Initial Operational Capability (IOC):
Also Known As: AIM-120C8
Origin: United States of America
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Description: The AIM-120 AMRAAM is a medium-range, air-to-air missile designed to meet the requirements of the United States and allied nations. The AIM-120 missile is faster, smaller and lighter than its predecessor the AIM-7 Sparrow medium-range missile and also has improved capabilities against low-altitude targets. AMRAAM incorporates active radar seeker with mid-course inertial navigation making it less dependent on aircraft's fire control radar. That capability enables simultaneous AMRAAM launching against different targets. For better performance AMRAAM can receive target location updates from the radar system of the launch aircraft. It has a blast fragmentation warhead detonated by a proximity fuse.
The combat proven AIM-120 AMRAAM missile was employed during military campaigns over Iraq, Kosovo and Bosnia. The Air Forces of 18 nations operate the AMRAAM missile. The AMRAAM missile is operational on the F-15, F-16, F/A-18, F-4F, JAS-39, Sea-Harrier and Tornado aircraft. Raytheon is integrating the AIM-120 on the Eurofighter-Typhoon, F/A-22A and Harrier II+. AIM-120's flexibility concept allows it to be integrated on ground systems becoming a surface-to-air missile. It is being integrated on Norway's NASAMS, Hawk-AMRAAM and HMMWV Surface-to-Air Systems.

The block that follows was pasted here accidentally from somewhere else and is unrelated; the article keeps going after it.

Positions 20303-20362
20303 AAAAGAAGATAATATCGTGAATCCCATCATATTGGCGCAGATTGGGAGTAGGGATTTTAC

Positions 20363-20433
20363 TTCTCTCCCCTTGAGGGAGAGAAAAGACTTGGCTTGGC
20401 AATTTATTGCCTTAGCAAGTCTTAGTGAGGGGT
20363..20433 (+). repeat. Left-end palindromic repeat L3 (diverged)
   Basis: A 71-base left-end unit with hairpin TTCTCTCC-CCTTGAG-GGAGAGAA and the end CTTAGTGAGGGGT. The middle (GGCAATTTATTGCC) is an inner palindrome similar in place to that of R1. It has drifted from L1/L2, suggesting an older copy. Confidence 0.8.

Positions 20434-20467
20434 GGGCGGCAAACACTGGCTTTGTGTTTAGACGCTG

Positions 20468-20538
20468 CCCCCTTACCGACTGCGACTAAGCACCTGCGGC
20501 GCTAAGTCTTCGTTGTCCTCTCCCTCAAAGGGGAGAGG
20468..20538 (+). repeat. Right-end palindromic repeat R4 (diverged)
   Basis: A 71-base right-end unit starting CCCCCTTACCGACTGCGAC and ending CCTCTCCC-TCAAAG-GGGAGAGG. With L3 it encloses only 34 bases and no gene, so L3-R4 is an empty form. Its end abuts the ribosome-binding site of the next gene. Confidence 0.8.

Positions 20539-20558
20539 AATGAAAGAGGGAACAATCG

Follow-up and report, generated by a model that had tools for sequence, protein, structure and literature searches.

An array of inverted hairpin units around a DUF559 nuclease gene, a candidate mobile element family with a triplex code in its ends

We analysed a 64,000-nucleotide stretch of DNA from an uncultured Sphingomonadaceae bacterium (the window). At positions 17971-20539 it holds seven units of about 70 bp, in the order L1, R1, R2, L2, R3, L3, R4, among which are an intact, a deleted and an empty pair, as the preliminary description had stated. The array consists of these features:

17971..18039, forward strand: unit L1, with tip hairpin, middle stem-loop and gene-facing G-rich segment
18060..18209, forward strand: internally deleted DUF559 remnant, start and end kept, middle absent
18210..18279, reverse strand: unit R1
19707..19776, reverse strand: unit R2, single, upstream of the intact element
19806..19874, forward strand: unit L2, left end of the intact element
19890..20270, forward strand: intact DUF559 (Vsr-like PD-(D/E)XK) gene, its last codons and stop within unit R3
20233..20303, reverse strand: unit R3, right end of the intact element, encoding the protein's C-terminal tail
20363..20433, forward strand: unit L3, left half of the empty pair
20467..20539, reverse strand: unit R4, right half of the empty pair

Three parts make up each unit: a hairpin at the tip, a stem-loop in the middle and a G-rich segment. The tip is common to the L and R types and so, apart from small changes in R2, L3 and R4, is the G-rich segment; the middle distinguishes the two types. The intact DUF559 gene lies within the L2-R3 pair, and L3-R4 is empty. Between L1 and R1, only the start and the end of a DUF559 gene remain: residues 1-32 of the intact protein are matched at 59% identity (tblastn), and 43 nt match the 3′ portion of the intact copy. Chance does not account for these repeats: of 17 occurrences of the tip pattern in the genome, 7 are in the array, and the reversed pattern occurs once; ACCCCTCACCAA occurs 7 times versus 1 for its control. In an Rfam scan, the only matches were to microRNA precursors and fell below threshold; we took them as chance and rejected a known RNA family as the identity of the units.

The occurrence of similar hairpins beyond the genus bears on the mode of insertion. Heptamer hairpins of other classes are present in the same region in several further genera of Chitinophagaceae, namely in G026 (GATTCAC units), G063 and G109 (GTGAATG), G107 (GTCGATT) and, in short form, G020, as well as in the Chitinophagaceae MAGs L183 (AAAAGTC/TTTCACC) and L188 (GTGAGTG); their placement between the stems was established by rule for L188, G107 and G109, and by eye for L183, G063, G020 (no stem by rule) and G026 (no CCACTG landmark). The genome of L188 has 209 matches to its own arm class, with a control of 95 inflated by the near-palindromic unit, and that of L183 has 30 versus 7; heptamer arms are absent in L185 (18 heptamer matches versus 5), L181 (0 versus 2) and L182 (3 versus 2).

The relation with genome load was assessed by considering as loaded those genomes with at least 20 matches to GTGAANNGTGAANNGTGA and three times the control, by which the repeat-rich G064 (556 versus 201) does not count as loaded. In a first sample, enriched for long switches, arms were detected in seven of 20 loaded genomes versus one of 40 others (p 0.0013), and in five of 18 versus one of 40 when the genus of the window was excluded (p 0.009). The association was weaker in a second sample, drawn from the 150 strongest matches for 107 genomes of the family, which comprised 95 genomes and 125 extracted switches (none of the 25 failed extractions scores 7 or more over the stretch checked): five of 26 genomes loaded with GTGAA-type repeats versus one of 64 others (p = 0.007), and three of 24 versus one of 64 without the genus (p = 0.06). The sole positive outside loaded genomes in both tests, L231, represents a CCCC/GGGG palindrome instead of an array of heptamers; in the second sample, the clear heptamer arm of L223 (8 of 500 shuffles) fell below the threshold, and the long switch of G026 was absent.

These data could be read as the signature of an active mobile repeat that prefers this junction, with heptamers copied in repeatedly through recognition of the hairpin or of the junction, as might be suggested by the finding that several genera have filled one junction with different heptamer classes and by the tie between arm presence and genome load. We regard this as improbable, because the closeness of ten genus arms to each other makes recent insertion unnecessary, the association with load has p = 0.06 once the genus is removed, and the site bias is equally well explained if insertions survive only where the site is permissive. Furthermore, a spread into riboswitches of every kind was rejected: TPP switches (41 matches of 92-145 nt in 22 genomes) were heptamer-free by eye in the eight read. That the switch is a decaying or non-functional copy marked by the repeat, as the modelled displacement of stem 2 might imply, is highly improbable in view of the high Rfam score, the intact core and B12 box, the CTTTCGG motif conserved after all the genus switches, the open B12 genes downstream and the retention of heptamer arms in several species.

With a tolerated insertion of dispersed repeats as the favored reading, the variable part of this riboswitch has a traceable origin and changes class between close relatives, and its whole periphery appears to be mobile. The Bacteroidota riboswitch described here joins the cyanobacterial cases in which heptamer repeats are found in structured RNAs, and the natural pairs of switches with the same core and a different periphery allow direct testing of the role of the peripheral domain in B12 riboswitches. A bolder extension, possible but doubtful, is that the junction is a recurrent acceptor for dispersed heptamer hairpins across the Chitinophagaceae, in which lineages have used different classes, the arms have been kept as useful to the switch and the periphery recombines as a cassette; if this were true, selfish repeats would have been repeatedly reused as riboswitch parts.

The AIM-120D, formerly known as the AIM-120C8, is the latest development of the AMRAAM missile family designed and build by Raytheon and developed under P3I Phase 4 initiative. AIM-120D features a new navigation system and hardened design for internal weapons bay carriage. The United States Air Force (USAF) assessment of the AIM-120C variant on the F/A-22 Raptor aircraft determined that vibration levels in certain frequencies are harmful to the missile's electronics. AIM-120D AMRAAM missile variant tries to fix it. In April 2006 the USAF released that the AIM-120D was undergoing testing on the F-22 aircraft monitored by Raytheon at Edwards Air Force Base, California. AIM-120 new features encompass: an enhanced data link, improved kinematics and GPS Inertial Measurement Unit.
On 15 September 2006, Raytheon received a $113 million contract from the US Air Force for the supply of 12 AIM-120D AMRAAM Air Vehicles Instrumented (AAVIs), 50 AIM-120D Captive Air Training Missile, 104 AIM-120C7 AMRAAM Air Vehicles, and 112 Non-Developmental Item, Airborne Instrumentation Units (NDI-AIUs). The contract also provided funds for the AIM-120D production transition with AIM-120D deliveries beginning December 2007 through January 2009. This contract was part of the AIM-120 Lot 20 order and the first production contract for the AIM-120D missile.
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